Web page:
Research Title: Long-Term Environmental Change
Funding Level (millions of dollars):
Committee on Environment and Natural Resources (CENR) Component:
(a) Subcommittee: Subcommittee on Global Change Research (100%)
(b) Environmental Issue: Climate Change (10%); Natural Variability (90%)
(c) Research Activity: System structure and function: Observing (50%); Understanding (50%)
National Museum of Natural History (NMNH)
Smithsonian Tropical Research Institute (STRI)
Point of Contact:
Ted A. Maxwell
Understanding anthropogenic modifications to the environment can be done only if we know the natural variability of the systems. The primary thrust of the Smithsonian's work is to improve our knowledge of the natural processes involved and to continue to provide a long-term repository for present and future studies. Study of "deep history" makes three unique contributions to global change research. Biotic, geologic, and climate systems experience natural fluctuations over decades to 105 years; therefore only retrospective studies that consider very long time periods have a hope of distinguishing signal from noise, and of establishing pre-human baseline conditions. Fossils and sedimentary rocks directly record the impact of past global climate change on ecological systems, providing the only examples we have of these phenomena and their effects. Finally, paleontological and geological data are critical, and only, test of computer-based simulations of past climate conditions, and so they play an important role in refining models of climate dynamics. This program addresses most of the research priorities outlined in the GCRP under Earth System History. Paleoclimate and paleoecology are explicit foci of research, as are past changes in ocean circulation, ocean productivity, and sea level.
Studies in Paleoecology are largely based on a unique resource of the Smithsonian, its collections, which range from Paleontological specimens used to infer growth rates of species to botanical specimens that are a baseline for modern studies. We have established an international network of collaborating scholars at private and governmental institutions. We have sponsored and hosted international meetings and a symposium addressing the issue of ecosystem stability on long and short time scales. Strong linkages exist to research at USGS and Smithsonian bureaus, as well as to those working under NSF support at many private universities and museums.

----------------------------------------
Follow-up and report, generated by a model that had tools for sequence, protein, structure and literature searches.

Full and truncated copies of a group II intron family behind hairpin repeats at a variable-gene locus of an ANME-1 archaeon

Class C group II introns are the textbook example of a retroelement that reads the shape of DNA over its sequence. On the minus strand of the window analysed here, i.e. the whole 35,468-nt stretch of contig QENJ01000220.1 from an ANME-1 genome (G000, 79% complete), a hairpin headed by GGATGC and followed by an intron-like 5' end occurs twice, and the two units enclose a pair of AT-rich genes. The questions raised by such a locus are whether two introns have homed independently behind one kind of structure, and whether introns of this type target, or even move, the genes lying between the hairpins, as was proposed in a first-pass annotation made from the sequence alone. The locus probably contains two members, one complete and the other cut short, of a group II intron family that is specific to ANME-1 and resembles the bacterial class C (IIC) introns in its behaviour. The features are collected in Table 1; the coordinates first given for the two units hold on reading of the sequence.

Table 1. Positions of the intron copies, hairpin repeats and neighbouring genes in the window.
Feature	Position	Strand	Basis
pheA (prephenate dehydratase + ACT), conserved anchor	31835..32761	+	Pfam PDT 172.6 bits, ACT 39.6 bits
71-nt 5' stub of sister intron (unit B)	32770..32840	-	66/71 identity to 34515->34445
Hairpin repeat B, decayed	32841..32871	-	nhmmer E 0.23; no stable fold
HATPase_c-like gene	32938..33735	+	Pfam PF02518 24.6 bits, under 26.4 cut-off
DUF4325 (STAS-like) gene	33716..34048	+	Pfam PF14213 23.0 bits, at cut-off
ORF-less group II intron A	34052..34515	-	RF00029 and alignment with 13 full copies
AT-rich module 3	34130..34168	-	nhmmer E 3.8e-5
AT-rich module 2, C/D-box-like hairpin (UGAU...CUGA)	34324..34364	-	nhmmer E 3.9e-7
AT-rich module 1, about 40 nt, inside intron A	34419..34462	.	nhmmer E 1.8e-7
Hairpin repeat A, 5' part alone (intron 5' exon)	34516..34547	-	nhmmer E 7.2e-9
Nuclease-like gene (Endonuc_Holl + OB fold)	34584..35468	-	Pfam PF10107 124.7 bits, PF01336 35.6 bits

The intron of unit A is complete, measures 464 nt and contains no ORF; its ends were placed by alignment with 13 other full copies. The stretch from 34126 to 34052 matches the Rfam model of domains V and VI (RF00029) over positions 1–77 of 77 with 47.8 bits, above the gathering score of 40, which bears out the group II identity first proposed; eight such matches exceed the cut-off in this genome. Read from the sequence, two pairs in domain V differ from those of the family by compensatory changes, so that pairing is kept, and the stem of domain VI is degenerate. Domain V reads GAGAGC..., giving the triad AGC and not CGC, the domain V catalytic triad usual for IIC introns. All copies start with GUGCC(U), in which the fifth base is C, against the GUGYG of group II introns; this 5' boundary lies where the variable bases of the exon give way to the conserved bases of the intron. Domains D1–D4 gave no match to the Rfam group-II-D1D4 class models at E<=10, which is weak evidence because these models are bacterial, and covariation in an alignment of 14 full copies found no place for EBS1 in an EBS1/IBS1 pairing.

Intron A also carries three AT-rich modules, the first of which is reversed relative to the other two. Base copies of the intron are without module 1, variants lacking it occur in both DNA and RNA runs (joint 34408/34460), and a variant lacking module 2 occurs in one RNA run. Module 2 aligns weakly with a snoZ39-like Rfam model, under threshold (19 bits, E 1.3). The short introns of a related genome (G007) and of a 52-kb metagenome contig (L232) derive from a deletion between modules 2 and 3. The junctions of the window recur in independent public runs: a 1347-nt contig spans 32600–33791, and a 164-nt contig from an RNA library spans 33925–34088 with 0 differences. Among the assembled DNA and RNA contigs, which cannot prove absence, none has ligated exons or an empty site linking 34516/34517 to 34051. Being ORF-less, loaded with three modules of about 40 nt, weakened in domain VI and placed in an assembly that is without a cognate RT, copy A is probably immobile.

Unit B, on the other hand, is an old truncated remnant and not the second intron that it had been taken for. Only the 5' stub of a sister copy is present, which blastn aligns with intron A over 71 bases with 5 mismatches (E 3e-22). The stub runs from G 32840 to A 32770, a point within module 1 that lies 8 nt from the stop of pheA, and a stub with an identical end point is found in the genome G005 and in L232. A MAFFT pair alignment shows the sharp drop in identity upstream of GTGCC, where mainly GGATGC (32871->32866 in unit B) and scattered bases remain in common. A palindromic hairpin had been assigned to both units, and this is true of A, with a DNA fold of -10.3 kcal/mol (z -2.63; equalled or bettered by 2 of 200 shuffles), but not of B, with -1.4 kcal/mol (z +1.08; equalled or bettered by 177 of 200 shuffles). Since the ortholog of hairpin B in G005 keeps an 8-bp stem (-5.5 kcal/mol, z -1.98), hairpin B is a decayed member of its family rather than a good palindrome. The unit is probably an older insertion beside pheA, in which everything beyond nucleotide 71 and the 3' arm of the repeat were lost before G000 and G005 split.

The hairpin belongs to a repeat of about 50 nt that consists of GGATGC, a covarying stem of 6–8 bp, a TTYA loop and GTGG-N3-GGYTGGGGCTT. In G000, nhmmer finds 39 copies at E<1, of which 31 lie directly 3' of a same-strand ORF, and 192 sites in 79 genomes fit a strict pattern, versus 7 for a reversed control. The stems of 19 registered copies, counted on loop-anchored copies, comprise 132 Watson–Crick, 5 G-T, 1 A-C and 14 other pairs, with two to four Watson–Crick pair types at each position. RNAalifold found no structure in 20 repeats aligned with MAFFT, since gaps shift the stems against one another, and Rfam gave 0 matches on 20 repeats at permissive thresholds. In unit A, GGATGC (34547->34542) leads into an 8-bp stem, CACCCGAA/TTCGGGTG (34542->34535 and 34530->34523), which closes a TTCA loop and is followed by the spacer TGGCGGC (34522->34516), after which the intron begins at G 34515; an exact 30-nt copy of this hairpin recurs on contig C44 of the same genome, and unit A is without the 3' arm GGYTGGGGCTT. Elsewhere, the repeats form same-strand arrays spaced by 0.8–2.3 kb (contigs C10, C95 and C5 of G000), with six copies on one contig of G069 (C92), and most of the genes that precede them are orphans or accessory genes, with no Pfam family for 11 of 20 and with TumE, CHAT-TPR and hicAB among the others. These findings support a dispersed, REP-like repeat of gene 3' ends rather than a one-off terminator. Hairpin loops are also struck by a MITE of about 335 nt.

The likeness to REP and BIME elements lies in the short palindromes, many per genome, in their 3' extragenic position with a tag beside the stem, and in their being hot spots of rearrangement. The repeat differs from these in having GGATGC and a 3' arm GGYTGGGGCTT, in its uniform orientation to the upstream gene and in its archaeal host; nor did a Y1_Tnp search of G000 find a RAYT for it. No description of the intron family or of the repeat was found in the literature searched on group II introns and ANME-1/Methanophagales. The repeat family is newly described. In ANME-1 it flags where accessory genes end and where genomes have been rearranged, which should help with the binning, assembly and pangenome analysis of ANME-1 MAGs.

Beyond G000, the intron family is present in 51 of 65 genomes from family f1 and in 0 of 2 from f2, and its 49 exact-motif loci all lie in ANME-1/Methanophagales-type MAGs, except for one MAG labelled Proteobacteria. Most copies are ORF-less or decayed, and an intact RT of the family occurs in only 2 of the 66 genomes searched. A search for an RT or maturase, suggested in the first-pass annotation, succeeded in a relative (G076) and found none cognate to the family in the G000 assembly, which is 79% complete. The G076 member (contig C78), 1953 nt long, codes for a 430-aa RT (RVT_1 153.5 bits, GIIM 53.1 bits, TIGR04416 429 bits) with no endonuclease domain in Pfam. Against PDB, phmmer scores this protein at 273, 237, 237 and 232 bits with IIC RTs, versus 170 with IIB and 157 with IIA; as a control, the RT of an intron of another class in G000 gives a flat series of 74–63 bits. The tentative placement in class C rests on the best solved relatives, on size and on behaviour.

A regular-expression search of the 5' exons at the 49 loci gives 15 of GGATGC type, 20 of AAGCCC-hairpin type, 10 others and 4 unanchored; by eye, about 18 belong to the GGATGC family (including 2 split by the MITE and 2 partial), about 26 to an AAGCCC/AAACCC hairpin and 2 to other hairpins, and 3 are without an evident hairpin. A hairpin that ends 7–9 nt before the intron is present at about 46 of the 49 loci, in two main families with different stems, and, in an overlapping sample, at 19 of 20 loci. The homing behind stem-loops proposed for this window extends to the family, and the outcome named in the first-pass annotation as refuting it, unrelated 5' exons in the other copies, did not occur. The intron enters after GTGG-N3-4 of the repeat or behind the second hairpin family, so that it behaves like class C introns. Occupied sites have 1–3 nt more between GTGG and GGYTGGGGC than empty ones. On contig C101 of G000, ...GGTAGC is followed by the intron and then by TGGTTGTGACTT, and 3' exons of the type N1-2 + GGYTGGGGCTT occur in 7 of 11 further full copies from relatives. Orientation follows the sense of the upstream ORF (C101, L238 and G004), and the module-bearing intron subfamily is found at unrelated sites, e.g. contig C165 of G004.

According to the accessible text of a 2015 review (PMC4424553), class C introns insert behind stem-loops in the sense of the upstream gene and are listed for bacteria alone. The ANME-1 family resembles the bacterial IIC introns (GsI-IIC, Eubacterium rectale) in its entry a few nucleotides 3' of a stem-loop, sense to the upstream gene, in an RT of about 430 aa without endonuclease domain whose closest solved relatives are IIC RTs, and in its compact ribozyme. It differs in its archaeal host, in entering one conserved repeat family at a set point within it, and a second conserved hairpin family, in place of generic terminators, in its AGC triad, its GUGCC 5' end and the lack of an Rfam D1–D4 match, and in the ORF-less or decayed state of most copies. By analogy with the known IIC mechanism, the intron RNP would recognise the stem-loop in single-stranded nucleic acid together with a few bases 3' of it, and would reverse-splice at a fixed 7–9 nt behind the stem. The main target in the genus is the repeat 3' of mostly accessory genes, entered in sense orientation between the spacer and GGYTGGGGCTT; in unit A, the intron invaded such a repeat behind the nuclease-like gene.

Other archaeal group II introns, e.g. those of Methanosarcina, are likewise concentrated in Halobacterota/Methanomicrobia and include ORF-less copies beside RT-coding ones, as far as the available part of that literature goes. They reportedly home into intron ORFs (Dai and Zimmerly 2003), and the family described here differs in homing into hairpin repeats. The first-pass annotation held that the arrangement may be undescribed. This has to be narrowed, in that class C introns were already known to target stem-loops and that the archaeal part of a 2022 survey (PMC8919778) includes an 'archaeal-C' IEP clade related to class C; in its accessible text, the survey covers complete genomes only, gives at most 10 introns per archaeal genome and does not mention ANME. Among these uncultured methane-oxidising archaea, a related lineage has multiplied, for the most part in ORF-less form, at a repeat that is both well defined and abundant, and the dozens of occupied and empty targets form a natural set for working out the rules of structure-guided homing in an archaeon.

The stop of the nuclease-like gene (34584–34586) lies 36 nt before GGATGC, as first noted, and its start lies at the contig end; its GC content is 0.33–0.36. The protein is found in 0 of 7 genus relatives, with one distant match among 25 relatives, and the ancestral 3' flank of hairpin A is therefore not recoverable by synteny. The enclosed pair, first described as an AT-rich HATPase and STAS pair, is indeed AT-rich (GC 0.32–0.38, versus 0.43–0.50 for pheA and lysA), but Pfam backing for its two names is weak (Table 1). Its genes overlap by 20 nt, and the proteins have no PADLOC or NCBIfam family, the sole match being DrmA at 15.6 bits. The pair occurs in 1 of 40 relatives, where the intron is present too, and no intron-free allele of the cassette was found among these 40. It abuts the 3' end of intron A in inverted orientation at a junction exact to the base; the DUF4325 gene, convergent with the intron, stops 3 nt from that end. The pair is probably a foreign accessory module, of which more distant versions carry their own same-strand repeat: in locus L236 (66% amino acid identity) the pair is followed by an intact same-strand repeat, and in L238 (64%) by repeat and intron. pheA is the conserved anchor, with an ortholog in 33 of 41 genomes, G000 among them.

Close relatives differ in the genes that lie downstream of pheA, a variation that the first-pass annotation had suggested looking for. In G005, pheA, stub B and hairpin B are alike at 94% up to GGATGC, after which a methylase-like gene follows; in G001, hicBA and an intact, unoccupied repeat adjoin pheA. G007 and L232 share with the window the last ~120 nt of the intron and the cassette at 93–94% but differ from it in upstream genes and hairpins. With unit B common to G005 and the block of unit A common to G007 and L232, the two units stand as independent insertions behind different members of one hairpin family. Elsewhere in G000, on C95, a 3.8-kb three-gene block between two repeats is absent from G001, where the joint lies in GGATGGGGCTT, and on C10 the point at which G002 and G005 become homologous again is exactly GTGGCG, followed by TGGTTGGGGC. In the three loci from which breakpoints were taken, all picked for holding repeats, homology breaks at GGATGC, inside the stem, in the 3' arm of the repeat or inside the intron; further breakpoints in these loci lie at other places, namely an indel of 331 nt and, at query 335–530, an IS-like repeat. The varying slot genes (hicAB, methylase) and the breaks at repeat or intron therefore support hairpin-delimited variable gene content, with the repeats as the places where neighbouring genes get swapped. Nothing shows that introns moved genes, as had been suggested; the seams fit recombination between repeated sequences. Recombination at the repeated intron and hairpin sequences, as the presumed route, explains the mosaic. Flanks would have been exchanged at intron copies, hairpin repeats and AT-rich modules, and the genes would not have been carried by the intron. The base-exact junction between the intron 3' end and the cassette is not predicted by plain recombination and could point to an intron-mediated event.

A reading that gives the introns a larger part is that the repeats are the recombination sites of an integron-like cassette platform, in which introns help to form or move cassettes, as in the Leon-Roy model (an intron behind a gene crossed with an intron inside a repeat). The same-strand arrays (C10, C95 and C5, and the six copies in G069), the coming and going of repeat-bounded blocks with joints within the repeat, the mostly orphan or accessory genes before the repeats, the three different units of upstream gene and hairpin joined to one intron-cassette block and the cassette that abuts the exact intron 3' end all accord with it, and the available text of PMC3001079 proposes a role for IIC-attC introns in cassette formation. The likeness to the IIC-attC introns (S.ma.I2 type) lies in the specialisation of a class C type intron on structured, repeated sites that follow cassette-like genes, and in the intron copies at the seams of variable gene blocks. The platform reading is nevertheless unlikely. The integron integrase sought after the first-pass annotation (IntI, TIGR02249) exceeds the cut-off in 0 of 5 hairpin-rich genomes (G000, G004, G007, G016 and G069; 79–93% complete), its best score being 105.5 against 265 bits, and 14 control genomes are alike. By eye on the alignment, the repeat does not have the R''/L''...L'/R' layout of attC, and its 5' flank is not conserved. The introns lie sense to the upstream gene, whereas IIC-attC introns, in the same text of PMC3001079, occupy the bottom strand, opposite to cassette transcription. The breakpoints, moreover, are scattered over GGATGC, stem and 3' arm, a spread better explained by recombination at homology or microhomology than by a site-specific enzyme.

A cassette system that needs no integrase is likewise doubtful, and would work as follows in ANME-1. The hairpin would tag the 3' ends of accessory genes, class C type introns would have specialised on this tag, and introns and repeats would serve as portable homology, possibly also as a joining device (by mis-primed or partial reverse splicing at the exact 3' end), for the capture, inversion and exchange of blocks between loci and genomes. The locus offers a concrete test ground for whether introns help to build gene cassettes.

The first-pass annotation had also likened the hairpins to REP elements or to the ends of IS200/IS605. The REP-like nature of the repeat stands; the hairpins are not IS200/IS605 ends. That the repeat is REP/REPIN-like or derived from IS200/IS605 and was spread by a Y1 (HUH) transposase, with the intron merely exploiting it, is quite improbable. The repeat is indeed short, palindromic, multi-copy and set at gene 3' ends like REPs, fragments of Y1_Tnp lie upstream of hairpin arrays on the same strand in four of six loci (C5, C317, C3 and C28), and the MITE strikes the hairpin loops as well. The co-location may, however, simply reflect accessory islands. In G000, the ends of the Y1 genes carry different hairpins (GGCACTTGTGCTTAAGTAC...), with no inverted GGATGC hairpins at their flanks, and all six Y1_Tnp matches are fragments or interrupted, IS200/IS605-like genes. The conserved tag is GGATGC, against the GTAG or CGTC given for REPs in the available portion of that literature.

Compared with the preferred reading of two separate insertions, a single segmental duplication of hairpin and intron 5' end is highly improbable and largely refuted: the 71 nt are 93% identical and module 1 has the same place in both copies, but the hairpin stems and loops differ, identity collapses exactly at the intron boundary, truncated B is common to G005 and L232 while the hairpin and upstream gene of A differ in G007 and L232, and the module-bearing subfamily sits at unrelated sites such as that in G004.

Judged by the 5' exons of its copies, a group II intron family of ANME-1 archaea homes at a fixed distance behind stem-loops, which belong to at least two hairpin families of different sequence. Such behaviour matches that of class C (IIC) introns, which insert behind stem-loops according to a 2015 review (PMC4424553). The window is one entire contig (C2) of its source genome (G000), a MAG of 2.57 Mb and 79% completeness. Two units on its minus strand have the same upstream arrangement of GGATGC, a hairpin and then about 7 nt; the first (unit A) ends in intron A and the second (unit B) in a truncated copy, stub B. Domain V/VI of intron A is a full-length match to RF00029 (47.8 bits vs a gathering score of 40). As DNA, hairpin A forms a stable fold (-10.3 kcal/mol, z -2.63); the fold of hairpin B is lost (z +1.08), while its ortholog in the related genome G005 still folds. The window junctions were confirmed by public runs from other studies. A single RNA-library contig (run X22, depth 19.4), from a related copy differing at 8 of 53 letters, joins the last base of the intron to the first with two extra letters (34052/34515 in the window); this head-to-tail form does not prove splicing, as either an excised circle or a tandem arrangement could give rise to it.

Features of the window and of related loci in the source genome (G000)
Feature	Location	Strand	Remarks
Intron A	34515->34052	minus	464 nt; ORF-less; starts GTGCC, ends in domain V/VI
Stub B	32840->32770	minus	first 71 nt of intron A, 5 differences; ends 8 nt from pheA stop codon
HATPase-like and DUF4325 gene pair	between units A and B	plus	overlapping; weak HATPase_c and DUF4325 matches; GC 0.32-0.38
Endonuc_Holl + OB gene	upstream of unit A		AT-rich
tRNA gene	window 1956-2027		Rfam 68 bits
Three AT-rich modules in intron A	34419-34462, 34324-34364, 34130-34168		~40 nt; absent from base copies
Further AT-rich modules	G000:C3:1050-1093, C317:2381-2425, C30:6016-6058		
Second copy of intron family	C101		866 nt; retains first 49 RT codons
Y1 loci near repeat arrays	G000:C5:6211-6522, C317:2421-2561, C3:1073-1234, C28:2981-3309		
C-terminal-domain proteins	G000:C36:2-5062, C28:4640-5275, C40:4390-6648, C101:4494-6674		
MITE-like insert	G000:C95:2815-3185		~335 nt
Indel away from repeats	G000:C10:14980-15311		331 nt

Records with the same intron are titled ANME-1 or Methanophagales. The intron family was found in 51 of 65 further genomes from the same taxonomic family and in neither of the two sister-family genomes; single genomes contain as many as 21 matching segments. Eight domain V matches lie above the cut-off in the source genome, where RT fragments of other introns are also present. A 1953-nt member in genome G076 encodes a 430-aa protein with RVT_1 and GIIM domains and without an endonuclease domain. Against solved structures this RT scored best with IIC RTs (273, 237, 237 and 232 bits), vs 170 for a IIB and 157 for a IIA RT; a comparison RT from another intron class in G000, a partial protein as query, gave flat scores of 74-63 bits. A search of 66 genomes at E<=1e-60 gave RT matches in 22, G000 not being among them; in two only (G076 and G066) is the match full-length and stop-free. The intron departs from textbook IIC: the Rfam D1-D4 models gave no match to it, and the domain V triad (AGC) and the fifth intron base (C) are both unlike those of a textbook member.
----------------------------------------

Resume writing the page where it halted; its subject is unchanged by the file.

We have preliminary data suggesting that past ecosystems may have displayed "threshold" effects; they showed little response to climate change over long periods, then changed rapidly over short intervals. We will concentrate studies on the rates of change, a largely unknown factor in the environment variability, continue studies of world's deltas, with emphasis on sea level change and fluvial response, continue work on a volcano data base and link to other shared environmental archives.
Long-term indicators of environmental change area studied at NMNH to understand the natural processes and rates of ecological, oceanographic and volcanic phenomena as they affect the global environment, and at STRI to determine anthropogenic and other ecosystem responses to climate change. NMNH Studies of Long Term Climate Change (100%). These studies concentrate on the detection of past climate changes on ecological systems, examination of past episodes of warmer climates to establish pre-human baseline conditions, determination of ecosystem response to sudden environmental change, and are used to test computer predictions of paleoclimate. This work is performed through field research and by using the extensive collections of fossils and other data available through the museum, and methods are being developed to link a customized data management program to a graphics/map interface. Recent results include the documentation of the effect of sea level rise on coral reef growth, of pre-historic human colonization on island biotas, and of climate on vegetational diversity and structure. The Nile Delta Project, underway since 1985, seeks to identify paleoclimate changes through their effects on the Nile drainage system, both on the delta and adjacent coastlines. Major ecological changes due to man (via the Aswan High Dam that modified irrigation and sedimentation), natural forces (salt water incursion and land subsidence), and desertification (changing the sediment load of the river) are being studied employing the sediment record in the Nile delta and adjacent coastlines. This work has been expanded to include other deltas of the world. Also at NMNH, the historical record of volcanic events on a global scale is continuously updated and made available to the scientific community via the Global Volcanism Network (formerly the Scientific Event Alert Network, SEAN). A database of the world's volcanoes and their eruptions over the last 10,000 years is maintained, as is an archive of maps, photographs and other documentation. The database has been an active project for more than 25 years, and forms the natural baseline for studies such as those dealing with the construction of volcanic aerosols to global warming. At STRI, we are proposing a program to core lakes in the Amazon basin in order to determine long-term changes in vegetation associated with Pleistocene climate changes in the tropics.
To understand long-term indicators of global change present in the historical artifacts and records of the museums as well as in the geologic and botanical record at field sites.